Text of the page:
by Cylin Busby
Publisher: Bloomsbury USA
Reading level: YA
Book type: prose novel
West is a high school senior who has everything going for him until an accident leaves him paralyzed. Strapped down in his hospital bed, slipping in and out of consciousness, West is terrified and alone. Until he meets Olivia.
She's the girl next door-sort of. A patient in the room next to his, only Olivia can tell what West is thinking, and only Olivia seems to know that the terrible dreams he's been having are not just a result of his medication. Yet as West comes to rely on Olivia-to love her, even-certain questions pull at him: Why has Olivia been in the hospital for so long? And what does it mean that she is at the center of his nightmares? But the biggest question of all comes when West begins to recover and learns that the mysterious girl he's fallen in love with has a secret he could never have seen coming.
(synopsis from Goodreads)
This was a book that should have been interesting and engaging. But it failed to draw me in emotionally, and so I can't get that worked up about anything that happened during the course of the story. It didn't help that the writing and editing were not that great, and these two things kept drawing me out of the flow. I kept getting tripped up by sentences that didn't seem to make any sense; I'm not sure if the author was going for a stream-of-consciousness thing, but these rambling musings just seemed like comma splices to me, and they messed up the syntax of a lot of the sentences. There were also some weird tense shifts throughout the book. Some were intentional. Some seemed more like outright mistakes that should have been caught by an editor. And, finally, West is a junior, not a senior, a fact that's mentioned numerous times throughout the book. I don't know why the synopsis says he's a senior.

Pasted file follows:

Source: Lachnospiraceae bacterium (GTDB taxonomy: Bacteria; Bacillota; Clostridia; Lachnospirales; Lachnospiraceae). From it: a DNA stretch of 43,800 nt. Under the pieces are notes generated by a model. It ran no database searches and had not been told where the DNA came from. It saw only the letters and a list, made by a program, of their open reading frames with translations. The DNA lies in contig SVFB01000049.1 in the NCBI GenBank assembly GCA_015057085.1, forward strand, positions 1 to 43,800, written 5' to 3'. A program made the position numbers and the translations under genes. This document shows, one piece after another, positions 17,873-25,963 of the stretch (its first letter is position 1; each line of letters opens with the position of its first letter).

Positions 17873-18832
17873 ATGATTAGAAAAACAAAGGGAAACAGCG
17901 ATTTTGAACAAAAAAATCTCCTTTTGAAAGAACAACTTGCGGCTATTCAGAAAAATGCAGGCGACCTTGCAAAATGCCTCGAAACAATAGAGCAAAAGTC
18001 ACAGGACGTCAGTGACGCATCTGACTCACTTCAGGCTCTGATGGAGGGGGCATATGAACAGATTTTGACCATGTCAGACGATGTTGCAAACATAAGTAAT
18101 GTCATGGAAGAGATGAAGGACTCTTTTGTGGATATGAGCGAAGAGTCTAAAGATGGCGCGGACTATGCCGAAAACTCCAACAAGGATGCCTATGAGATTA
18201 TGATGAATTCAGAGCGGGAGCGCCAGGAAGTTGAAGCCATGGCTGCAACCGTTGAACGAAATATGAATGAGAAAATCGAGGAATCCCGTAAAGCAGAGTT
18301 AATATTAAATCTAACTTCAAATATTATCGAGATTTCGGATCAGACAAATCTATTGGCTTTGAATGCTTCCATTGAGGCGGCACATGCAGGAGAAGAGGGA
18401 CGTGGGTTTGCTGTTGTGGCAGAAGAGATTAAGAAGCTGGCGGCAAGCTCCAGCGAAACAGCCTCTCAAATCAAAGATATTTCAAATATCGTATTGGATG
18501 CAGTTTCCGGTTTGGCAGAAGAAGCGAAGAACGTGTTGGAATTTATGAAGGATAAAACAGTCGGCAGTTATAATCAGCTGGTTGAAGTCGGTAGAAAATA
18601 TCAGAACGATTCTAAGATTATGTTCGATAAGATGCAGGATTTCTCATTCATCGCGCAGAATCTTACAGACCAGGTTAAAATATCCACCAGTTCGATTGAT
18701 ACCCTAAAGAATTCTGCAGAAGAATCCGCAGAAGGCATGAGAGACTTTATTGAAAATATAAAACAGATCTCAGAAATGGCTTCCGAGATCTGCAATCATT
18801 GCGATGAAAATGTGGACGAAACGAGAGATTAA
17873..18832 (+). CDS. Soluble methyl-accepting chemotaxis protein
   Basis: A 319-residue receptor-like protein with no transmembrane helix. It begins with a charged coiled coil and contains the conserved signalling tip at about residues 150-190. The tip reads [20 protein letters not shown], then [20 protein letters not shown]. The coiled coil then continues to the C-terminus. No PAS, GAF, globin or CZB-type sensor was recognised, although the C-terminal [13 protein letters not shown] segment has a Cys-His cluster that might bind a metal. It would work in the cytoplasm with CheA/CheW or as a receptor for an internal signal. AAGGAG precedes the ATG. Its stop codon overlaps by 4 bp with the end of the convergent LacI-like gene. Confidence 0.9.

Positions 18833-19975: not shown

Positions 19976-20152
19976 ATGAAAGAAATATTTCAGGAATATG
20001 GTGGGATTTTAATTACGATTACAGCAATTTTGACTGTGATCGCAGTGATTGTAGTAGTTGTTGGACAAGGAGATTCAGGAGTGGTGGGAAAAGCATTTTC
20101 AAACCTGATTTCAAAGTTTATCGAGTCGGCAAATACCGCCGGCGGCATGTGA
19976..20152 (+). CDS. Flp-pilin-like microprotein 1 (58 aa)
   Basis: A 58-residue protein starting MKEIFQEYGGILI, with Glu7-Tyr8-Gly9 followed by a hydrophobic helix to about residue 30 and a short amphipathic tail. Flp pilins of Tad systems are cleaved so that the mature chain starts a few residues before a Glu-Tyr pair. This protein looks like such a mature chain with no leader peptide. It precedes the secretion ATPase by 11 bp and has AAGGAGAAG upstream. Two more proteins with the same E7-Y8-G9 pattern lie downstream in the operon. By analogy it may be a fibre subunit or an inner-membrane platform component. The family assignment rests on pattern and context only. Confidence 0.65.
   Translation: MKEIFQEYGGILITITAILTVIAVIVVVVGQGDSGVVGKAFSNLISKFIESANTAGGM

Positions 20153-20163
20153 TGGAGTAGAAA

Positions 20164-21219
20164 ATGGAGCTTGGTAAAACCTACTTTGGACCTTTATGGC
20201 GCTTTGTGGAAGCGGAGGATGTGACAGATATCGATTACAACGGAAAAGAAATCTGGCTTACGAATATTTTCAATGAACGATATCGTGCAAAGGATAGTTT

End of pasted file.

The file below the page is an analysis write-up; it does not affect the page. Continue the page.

Then there was the whole deal with West and his accident. There was a lot of medical-type information in the book, and you could tell that the author had done some research on the subject. However, in places there were not enough details. For example, we're not given quite enough information about West's condition in the beginning. We know he's paralyzed, strapped to a bed, and has a tube to help him breathe. He resorts to communicating by blinking, because of the breathing tube. I assumed that that meant it was in his mouth. But it wasn't. He'd had a tracheotomy, which led me to wonder why he had to blink to communicate with Olivia. I know that not everyone can read lips that well, but surely most people can tell the difference between "yes" and "no". Maybe this was all so the book could be called Blink Once.
I was very disappointed by the characters and their relationships. For the predicament that West finds himself in, he seems awfully stoic about the whole situation. Would a 17-year-old boy really be that calm about the prospect of spending the rest of his life in a wheelchair? And then there was the relationship between West and Olivia. I kind of suspected Olivia's secret for a while, so it wasn't that much of a surprise. It also didn't have that much of an emotional impact for me (possibly because I'd seen it coming from so far away). And the ending was just... blah. There are things that West could have done (or even seriously considered doing) that would have brought up some interesting ethical and moral questions. As it was, the ending was convenient, trite, and a little bit sappy. What came out of West's narration in the last few sentences just didn't ring true.
While some parts of the premise reminded me a little bit of Rear Window, it wasn't anywhere near that interesting or exciting. The mystery part of the plot felt a bit like an afterthought; had that part been expanded a little more, it might have made for a better story. Though, ultimately, when you can't connect with the characters, there may not be much that can be done to make you like a particular book.
Overall: 2.14 out of 5